The race stared at 1400. We crossed the starting line about a minute after the race started with Irving Johnson next to us and Exy Johnson and Bill of Rights behind us. It was a wonderful sight, seeing the cliffs of San Pedro behind us as we sailed towards San Clemente Island and San Diego. We had great wind conditions the whole trip. While we were sailing past Catalina Island, we spotted two whales in the distance. It was an amazing sight, especially for me because I never see any sea mammals in New York Harbor.
My watch that night was from 0000 to 0400; that was my first time sailing through the night. And it was just horrible – from the moment I got on deck, I felt sea sick. A crew member gave me some ginger ale, crackers, and some tips on how to stop feeling sick, but none of that prevented me from throwing up at least 5 times in a red bucket that was labelled “you will feel better :)” but, on the plus side, while I was coming up for air, I noticed about 1000 starts in the sky, and no other boats around us.
We had breakfast at 0700 and I felt much better. Shortly after breakfast, the captain announced that we had crossed the finish line and all the other boats were about 3 hours behind us. So, of course, everyone on board was thrilled on our possible win of the race. We turned on our engines, struck all sails, and began motoring towards La Jolla for some more activities. At 1030, we anchored off of La Jolla to do some snorkeling and some shanty singing. I chose to go snorkeling, so I got fitted for a wet suit, mask, boots, and fins. After a half hour of me struggling to put everything on, I entered the water, feet first to start an underwater adventure. The water was surprisingly warm and clear, so that didn’t stop us from seeing 10 leopard sharks, 2 horn sharks and a lot of sea grass. We got back on the boat in time for dinner, which I can say was amazing, then continued with some lovely shanty singing led by the crew and trainees.
My last moments on Tole Mour were the best. While heading back to the dock, a pod of dolphins followed us for about 2 hours, having fun with their babies, jumping in and out of the water and crossing under our bow. It was an amazing sight that I only got on video and soon hope to share with a lot more people.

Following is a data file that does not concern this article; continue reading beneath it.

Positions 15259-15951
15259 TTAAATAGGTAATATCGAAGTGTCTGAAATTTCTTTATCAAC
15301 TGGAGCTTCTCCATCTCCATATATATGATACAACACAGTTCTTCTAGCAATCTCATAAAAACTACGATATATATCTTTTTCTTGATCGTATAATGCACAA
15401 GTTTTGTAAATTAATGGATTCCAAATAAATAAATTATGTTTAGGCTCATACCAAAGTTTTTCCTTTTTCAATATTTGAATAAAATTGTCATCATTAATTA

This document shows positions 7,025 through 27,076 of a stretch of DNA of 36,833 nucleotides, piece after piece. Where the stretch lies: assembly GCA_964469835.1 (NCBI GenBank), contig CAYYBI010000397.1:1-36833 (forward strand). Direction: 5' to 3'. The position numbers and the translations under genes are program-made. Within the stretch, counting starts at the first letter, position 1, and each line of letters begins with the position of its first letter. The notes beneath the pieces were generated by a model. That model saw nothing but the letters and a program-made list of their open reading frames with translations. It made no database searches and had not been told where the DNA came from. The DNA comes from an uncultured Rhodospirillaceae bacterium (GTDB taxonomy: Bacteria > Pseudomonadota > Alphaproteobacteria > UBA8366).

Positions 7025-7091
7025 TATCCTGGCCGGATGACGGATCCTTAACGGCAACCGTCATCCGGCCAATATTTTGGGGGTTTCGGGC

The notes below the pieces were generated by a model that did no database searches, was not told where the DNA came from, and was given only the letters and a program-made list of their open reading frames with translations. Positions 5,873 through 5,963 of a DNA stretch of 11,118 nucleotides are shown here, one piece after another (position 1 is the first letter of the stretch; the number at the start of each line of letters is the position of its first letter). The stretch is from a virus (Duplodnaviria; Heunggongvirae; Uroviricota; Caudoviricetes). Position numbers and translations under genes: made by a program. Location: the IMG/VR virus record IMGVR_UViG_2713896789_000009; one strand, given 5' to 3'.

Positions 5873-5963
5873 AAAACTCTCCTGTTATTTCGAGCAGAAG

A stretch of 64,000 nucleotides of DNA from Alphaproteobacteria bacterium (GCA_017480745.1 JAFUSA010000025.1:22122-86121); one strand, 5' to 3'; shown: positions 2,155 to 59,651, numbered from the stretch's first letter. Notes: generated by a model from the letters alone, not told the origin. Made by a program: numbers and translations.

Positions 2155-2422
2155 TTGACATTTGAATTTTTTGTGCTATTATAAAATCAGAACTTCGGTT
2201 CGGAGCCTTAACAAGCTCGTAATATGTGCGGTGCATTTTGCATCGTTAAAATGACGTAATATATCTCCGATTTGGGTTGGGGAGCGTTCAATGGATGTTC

I loved the people I sailed with on Tole Mour and looking forward to more adventures on the sail up to Dana Point.
Posted by Erin on August 29, 2014
After a busy week and a great race start in San Pedro, the Tall Ships America Race Team rolled in to San Diego on Tuesday ready for the Festival of Sail. While Halcyon sailed down the coast on Tole Mour (recap coming soon), Eliza and I scouted the site, did some laundry and enjoyed the wonderful waterfront that San Diego Maritime Museum presides over. San Diego Harbor is always full of sailboats and, as two shorebound sailors, Eliza and I can’t help but want to be out on the water enjoying the steady breeze. But the TALL SHIPS CHALLENGE(r) requires our attention so we are content with just looking on enviously. San Diego Maritime Museum always puts on a wonderful event and, as the ships arrived at the dock yesterday after the Parade of Sail, the crew was happy to be here. Last night was the crew party on the Berkeley and our Executive Director, Bert Rogers, was on hand to present the awards for the race from San Pedro to San Diego, by way of San Clemente Island. From what I have heard, it was a spectacular run down to San Diego, complete with whale sightings, strong winds, shooting stars and, my personal favorite, dolphins playing in phosphorescence.